HE'S the lobbyist inside the gates. The ultimate dealmaker in a town that reveres the art of the deal as much as Wall Street does. But did Ron Brown make one deal too many?
Ly Thanh Binh has been saying for the past year that he did. The Vietnamese-American businessman from Florida charges that the commerce secretary agreed to help Vietnam normalize relations with the United States in return for a secret $700,000 payment. Mr. Binh has told journalists and Capitol Hill staff that his former business partner, Nguyen Van Hao, an emissary of the Hanoi government, agreed to the offer in November 1992. The money, he says, was to be deposited in a Singapore bank account controlled by Marc Ashton, a friend of Mr. Brown's.
Brown adamantly denies the allegations, and no proof has been forthcoming from Binh or anyone else. But Binh's statements are being taken seriously enough by federal prosecutors that a grand jury in Miami has been investigating the case.
The charges against Brown have raised concerns in the White House and cast a cloud over President Clinton's efforts to end influence peddling in Washington. The accusations are an unwelcome reminder of Brown's previous job as a high-priced lawyer-lobbyist with such clients as Jean-Claude (Baby-Doc) Duvalier's Haitian government.
At the very least, say veteran Washington observers like columnist Albert Hunt, the commerce secretary was probably guilty of bad judgment in not watching his step more closely in today's tough ethics climate.
While Brown may have suffered some public relations damage, his attorney, Reid Weingarten, says in an interview that ``there's not a scintilla of evidence to corroborate Binh's allegations.'' Prosecutors, he says, ``are [now] satisfied that no crime was committed'' and ``I'm hopeful to optimistic'' that the grand jury will finish its work by Christmas. A `different' view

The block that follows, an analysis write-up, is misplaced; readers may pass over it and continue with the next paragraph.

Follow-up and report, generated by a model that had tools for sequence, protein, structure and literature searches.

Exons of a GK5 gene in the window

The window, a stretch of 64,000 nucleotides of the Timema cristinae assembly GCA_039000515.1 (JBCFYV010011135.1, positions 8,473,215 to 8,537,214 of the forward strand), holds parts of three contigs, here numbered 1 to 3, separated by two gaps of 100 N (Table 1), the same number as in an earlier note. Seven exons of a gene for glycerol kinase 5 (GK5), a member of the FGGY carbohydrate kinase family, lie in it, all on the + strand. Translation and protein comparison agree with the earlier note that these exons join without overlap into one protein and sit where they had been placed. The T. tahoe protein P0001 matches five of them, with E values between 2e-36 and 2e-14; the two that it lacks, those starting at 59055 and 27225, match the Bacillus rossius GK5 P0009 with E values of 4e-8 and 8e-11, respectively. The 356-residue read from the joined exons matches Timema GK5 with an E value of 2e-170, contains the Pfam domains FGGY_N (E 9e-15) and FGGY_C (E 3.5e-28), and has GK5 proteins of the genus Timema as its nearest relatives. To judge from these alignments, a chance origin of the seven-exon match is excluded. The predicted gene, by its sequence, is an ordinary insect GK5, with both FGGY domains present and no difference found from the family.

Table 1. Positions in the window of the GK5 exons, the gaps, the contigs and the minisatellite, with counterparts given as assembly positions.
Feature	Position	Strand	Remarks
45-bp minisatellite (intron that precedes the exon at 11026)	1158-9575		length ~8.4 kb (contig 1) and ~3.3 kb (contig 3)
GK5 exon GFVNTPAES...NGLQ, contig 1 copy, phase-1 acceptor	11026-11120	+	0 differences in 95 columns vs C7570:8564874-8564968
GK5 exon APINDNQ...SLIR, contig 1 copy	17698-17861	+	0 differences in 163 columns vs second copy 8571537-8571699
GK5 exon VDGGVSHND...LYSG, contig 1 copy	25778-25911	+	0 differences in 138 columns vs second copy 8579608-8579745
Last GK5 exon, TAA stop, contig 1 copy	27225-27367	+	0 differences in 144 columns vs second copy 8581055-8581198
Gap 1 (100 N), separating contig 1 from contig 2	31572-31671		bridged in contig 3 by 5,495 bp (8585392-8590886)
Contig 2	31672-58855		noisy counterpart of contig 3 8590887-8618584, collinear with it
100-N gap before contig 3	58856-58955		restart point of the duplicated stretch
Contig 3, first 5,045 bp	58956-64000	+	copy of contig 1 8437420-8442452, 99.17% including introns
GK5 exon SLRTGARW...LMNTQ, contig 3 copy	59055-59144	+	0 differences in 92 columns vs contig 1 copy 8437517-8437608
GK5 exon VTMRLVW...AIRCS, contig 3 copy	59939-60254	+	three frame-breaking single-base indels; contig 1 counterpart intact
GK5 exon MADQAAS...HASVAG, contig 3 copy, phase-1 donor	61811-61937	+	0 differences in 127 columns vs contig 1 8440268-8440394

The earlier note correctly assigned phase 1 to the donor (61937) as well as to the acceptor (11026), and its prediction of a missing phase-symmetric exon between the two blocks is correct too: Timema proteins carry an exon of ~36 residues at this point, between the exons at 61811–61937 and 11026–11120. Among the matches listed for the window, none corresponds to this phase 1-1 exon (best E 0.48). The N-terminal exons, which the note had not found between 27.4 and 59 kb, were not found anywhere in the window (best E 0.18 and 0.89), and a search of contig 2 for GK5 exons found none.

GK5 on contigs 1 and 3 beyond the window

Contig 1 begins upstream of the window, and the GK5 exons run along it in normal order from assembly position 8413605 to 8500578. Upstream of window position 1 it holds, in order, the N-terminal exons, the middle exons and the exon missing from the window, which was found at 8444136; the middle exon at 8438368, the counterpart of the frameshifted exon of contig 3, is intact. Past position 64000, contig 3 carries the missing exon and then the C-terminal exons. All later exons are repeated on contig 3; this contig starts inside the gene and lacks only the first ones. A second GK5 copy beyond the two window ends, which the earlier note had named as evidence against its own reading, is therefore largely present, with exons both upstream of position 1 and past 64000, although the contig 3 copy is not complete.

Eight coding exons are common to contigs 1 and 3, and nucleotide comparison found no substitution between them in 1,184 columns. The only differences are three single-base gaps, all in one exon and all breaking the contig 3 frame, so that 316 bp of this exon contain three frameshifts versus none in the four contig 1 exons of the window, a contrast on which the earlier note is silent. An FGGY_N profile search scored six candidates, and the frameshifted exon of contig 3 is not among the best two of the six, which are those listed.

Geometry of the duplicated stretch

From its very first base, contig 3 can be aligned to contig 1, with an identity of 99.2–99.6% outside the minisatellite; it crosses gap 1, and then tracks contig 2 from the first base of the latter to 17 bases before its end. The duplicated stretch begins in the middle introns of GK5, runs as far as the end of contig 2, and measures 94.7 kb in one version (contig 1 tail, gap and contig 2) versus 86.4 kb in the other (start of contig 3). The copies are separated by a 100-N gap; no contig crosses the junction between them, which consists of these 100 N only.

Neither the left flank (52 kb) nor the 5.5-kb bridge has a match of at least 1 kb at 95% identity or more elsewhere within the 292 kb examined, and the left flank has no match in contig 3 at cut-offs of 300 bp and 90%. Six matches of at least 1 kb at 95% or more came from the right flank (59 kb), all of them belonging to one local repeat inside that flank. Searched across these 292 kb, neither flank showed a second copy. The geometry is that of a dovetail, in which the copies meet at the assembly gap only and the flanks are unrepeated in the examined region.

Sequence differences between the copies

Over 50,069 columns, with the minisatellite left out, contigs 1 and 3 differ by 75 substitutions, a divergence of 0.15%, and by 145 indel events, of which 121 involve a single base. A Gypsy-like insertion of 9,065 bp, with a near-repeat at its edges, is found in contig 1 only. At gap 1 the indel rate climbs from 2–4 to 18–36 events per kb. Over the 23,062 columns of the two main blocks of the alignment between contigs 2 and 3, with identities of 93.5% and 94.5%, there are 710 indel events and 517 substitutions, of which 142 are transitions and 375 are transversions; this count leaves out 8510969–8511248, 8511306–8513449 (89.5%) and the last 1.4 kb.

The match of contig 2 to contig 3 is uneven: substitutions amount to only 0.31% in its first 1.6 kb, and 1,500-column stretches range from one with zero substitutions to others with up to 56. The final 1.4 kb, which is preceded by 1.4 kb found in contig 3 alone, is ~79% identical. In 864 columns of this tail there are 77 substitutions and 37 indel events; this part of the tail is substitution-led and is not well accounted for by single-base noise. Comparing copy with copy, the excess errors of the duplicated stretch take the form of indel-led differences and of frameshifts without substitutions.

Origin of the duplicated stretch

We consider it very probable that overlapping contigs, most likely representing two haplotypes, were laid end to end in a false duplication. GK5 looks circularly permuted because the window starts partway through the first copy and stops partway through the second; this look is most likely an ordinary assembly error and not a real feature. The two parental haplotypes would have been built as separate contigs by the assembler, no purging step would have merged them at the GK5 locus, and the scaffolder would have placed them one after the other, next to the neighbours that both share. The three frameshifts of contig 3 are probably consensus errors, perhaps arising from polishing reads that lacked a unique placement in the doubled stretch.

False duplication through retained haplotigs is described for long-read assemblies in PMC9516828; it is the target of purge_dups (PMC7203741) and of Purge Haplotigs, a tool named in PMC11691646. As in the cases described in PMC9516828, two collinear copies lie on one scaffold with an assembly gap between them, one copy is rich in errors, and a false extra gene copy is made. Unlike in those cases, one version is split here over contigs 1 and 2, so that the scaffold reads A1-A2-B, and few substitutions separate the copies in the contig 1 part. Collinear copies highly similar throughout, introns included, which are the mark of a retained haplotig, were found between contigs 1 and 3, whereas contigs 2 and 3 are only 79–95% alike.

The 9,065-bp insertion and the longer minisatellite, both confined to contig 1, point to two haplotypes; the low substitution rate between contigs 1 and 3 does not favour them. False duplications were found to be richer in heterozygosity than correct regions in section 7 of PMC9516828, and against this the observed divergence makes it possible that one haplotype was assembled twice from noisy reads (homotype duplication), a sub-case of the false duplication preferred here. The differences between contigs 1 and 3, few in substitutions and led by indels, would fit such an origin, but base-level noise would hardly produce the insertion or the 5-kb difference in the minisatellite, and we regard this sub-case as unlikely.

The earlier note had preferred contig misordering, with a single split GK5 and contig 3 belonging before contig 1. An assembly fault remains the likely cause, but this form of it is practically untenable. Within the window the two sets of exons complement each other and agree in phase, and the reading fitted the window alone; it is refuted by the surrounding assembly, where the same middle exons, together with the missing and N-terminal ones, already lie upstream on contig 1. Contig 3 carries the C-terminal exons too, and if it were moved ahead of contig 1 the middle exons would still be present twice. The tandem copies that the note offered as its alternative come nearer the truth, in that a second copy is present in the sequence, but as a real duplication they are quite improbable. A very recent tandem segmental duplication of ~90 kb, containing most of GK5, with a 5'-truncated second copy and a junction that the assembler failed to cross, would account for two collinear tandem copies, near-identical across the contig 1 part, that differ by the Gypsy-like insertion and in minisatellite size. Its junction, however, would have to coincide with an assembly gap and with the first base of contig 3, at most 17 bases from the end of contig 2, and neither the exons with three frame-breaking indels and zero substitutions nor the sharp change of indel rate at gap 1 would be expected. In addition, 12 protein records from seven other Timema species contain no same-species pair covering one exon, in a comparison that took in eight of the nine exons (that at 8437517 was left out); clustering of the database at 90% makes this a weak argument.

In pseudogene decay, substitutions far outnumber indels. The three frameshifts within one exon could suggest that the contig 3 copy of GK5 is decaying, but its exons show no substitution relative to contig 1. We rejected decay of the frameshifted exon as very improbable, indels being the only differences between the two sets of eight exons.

GOP congressmen take a different view. They argue that Brown may have broken the Trading With the Enemies Act, among other laws. The case for the prosecution rests on several points - none of them conclusive, but, taken together, they say, suggest that the charges against Brown can't be dismissed out of hand.
* When Binh's charges first became public, Brown repeatedly denied that he knew Mr. Hao. Then, the Miami Herald revealed that Brown had met with Hao and Mr. Ashton three times, once before his selection as commerce secretary and twice after. It turned out that Brown had even sent Hao Christmas greetings. Brown then admitted that he had met with them, but said he had never discussed any payment.
* Binh passed a six-hour lie-detector test administered by the Federal Bureau of Investigation. But, Mr. Weingarten says, ``A lie-detector test can mean a lot of different things. He could be delusional.''
* The administration has declined to lift the long-standing ban on trade with Vietnam, but it has eased sanctions some, agreeing to back international loans for Hanoi and allow US companies to bid for contracts financed by such loans. Brown denied to Congress that he was involved in those decisions, but in a Nov. 5 House Foreign Affairs hearing, Treasury Secretary Lloyd Bentsen said he had had a ``very limited conversation'' with Brown regarding the Vietnam embargo. Secretary of State Warren Christopher said Brown ``may have been in larger meetings on the subject.''
``If that's the case, Brown lied to Congress,'' says Rep. Dan Burton (D) of Indiana. Weingarten replies that a passing conversation between Brown and Mr. Bentsen was not ``improper.'' ``The real question was: Did Brown have policy responsibility over Vietnam?'' The answer, he says, is no.
Instead, a career Commerce employee attended White House meetings and voiced support for easing the embargo on Vietnam - a position traditionally favored by the department.
* Federal authorities reportedly have verified that the Hanoi government was in the process of setting up a Singapore bank account, just as Binh had claimed. There is no evidence, however, that Brown ever took any money from an account.
Weingarten says the charges already have gotten more attention than they deserve. But Republicans on the Hill think the Justice Department hasn't been doing enough to pursue the investigation. Hill aides say, for instance, that Binh has not been called before the grand jury. Lack of cooperation
The GOP is conducting its own probe, but one aide says the Commerce Department is ``stonewalling'' their requests for documents. And Democratic committee chairmen are refusing to hold hearings on the matter.
In September, Representative Burton and other GOP House members called for a special prosecutor to investigate the case.
Attorney General Janet Reno refused their request on the grounds that career Justice Department employees could do an adequate job.
``This stinks to high heaven,'' Burton says. ``If this had been a Republican acting like this - say, Ed Meese - congressional committees and independent prosecutors would be all over him.''
In response, Rep. Barney Frank (D) of Massachusetts says it was largely GOP opposition that kept Congress from renewing the independent-counsel law.